IR Hit detect, spaceships and pirates.

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IR Hit detect, spaceships and pirates.

Postby pilesofspam » January 31st, 2011, 1:53 pm

This is something I created for my son's 4th and 5th birthday parties. It turned out well, and it was a blast so I figure I'll post it here with enough build info that anyone interested can build one as well. If anyone has any questions, post away and I'll answer when I can.

Little background- I've always been interested in the interface point between man and machine. As a result, my hobby is custom controls. We were having a pirate themed birthday party for my son Ben's 4th birthday party, and so I built a pirate ship themed playground feature in the backyard. I still had some time before the big birthday so I thought "Why not make a custom game?" There must be at least 200 pirate themed video games available these days, and I wanted to do something original. So I made one with a big PVC cannon:
and I put a pirate ship on screen to shoot at:
Here's a youtube video of the whole thing in action.

Fast forward a few months, and Ben was now interested in spaceships and astronauts. Based on the success of 'Piratinhas' (little pirates in Portuguese, named by my friend jorgerosa over on the irrlicht forums) I decided to make a space themed game. This one was to be a coop game- a spaceship driver who manned the controls, and a gunner who, well, gunned. Here's a pic of the spaceship:
here's the joystick up front:
Here's a youtube video of the game in action (again, done in irrlicht)

Note that you really have to make sure that your IR laser is eye safe. I'll cover that and a lot of other details later.

So, to come- build details, schematics, source code and firmware to make your own. I'll put that up in ensuing posts.

Edit: changed the title to more accurately reflect the content based on input below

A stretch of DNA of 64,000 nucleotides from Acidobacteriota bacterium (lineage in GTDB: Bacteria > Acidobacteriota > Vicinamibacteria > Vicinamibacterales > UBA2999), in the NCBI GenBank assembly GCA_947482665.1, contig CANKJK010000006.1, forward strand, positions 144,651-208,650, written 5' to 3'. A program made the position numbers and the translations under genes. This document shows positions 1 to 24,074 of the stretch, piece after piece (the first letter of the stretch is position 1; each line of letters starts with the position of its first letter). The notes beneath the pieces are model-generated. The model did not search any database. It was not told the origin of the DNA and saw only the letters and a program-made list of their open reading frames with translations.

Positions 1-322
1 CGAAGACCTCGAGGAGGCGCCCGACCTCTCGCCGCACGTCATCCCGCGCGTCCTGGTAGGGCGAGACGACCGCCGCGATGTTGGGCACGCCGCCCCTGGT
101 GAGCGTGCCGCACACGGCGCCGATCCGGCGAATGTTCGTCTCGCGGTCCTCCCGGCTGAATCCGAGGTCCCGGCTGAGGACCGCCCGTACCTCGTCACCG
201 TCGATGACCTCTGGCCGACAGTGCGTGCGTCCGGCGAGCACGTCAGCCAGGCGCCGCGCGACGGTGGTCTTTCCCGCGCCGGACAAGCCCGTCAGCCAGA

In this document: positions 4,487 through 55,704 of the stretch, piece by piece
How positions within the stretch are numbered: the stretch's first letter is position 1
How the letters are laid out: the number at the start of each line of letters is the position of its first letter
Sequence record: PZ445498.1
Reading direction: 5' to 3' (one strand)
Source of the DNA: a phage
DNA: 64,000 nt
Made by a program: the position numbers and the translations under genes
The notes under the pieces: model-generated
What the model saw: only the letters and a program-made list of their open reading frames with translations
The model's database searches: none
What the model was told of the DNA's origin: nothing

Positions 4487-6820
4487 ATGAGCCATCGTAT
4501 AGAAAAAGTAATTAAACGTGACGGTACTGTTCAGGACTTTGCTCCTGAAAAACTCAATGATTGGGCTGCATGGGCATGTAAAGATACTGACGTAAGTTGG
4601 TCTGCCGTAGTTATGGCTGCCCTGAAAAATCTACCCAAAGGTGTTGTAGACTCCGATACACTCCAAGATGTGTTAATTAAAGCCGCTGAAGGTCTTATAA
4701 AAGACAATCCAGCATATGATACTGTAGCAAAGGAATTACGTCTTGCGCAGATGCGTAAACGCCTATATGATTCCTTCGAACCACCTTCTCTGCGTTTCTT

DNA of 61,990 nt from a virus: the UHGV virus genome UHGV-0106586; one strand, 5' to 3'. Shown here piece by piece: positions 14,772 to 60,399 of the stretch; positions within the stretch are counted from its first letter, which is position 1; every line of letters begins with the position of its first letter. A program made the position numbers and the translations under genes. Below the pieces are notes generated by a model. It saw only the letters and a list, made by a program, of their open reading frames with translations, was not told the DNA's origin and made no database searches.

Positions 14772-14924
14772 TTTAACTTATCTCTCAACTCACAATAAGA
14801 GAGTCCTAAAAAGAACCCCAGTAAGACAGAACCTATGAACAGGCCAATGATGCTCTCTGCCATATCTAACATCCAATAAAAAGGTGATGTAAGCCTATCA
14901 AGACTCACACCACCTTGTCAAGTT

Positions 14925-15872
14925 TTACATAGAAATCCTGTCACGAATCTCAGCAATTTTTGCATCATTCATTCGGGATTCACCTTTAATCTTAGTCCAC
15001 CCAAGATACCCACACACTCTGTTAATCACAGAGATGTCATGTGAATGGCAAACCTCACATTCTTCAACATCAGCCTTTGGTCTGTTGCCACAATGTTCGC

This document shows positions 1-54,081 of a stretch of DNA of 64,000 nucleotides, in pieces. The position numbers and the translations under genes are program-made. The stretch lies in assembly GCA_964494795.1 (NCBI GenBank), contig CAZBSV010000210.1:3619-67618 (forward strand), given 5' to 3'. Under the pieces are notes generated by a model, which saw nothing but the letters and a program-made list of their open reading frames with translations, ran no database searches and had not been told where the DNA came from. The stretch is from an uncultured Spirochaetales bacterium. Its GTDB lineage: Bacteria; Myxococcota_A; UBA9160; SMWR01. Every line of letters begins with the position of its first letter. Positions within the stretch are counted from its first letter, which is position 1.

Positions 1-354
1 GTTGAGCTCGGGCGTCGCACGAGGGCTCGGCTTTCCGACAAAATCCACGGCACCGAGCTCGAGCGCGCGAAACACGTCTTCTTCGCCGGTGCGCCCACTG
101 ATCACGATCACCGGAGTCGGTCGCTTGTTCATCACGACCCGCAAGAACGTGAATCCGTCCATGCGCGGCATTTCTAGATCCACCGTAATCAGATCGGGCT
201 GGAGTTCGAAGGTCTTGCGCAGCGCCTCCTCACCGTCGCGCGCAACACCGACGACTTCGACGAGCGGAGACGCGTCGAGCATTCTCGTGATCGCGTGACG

Last edited by pilesofspam on January 31st, 2011, 7:06 pm, edited 1 time in total.
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Joined: January 31st, 2011, 1:29 pm

Re: IR laser pickup on a screen

Postby pilesofspam » January 31st, 2011, 2:46 pm

Some build details. Let's start with the most important part, the hit detect (or laser pickup) system. I guess there are a lot of ways you could do this, ultimately, the way I chose ended up being pretty cheap and really simple. Here's a picture of my projector next to the NTSC camera with an IR interference filter taped to the front:


Do you know anything about black and white NTSC composite signals? Here's a quick lesson on the horizontal timing:


An NTSC camera will put out a signal that contains the information of the odd lines, then the even lines in a method called 'Interlacing'. Half of your picture comes at a time, and then the other half with each horizontal line meeting the diagram above. I'm using an LM1881 decoder chip to tell me when the vertical sync happens, and whether you're on an odd or even line, and even when the horizontal sync occurs, so vertically it's easy to calculate where you are. Horizontally, however, is a different story.

So when I first concepted this, I used an arduino that I had otherwise sitting on the desk next to me. There's some very capable people who don't like the platform for real work. If you're one of them, and you're in the Atlanta area, lets discuss it over a beer on me. The vertical resolution is no problem as discussed before, but horizontal is a bit of a bugger- you've got full NTSC resolution that's got to happen in 52.6uS. You're probably looking at a maximum horizontal resolution in an NTSC CCD camera of about 480 pixels (mine is actually less, but the signal looks the same). This gives you right at .11 uS/pixel of horizontal resolution. You'll need to capture every frame, remember it, and process it REALLY fast to catch everything out there.

So let's cut to the bare essentials. If, instead, we just ran our signal to a fast comparator, and compared it to a pot, then we set a threshold. Sort of 'Anything above this level throws a signal'. NOW we're just looking for the first bright dot we can find on screen. Since your laser is only going to come out at around 1 camera pixel (yeah- you can lose 1 pixel of accuracy as it bleeds into neighboring pixels but I don't care) we just have to identify that spot.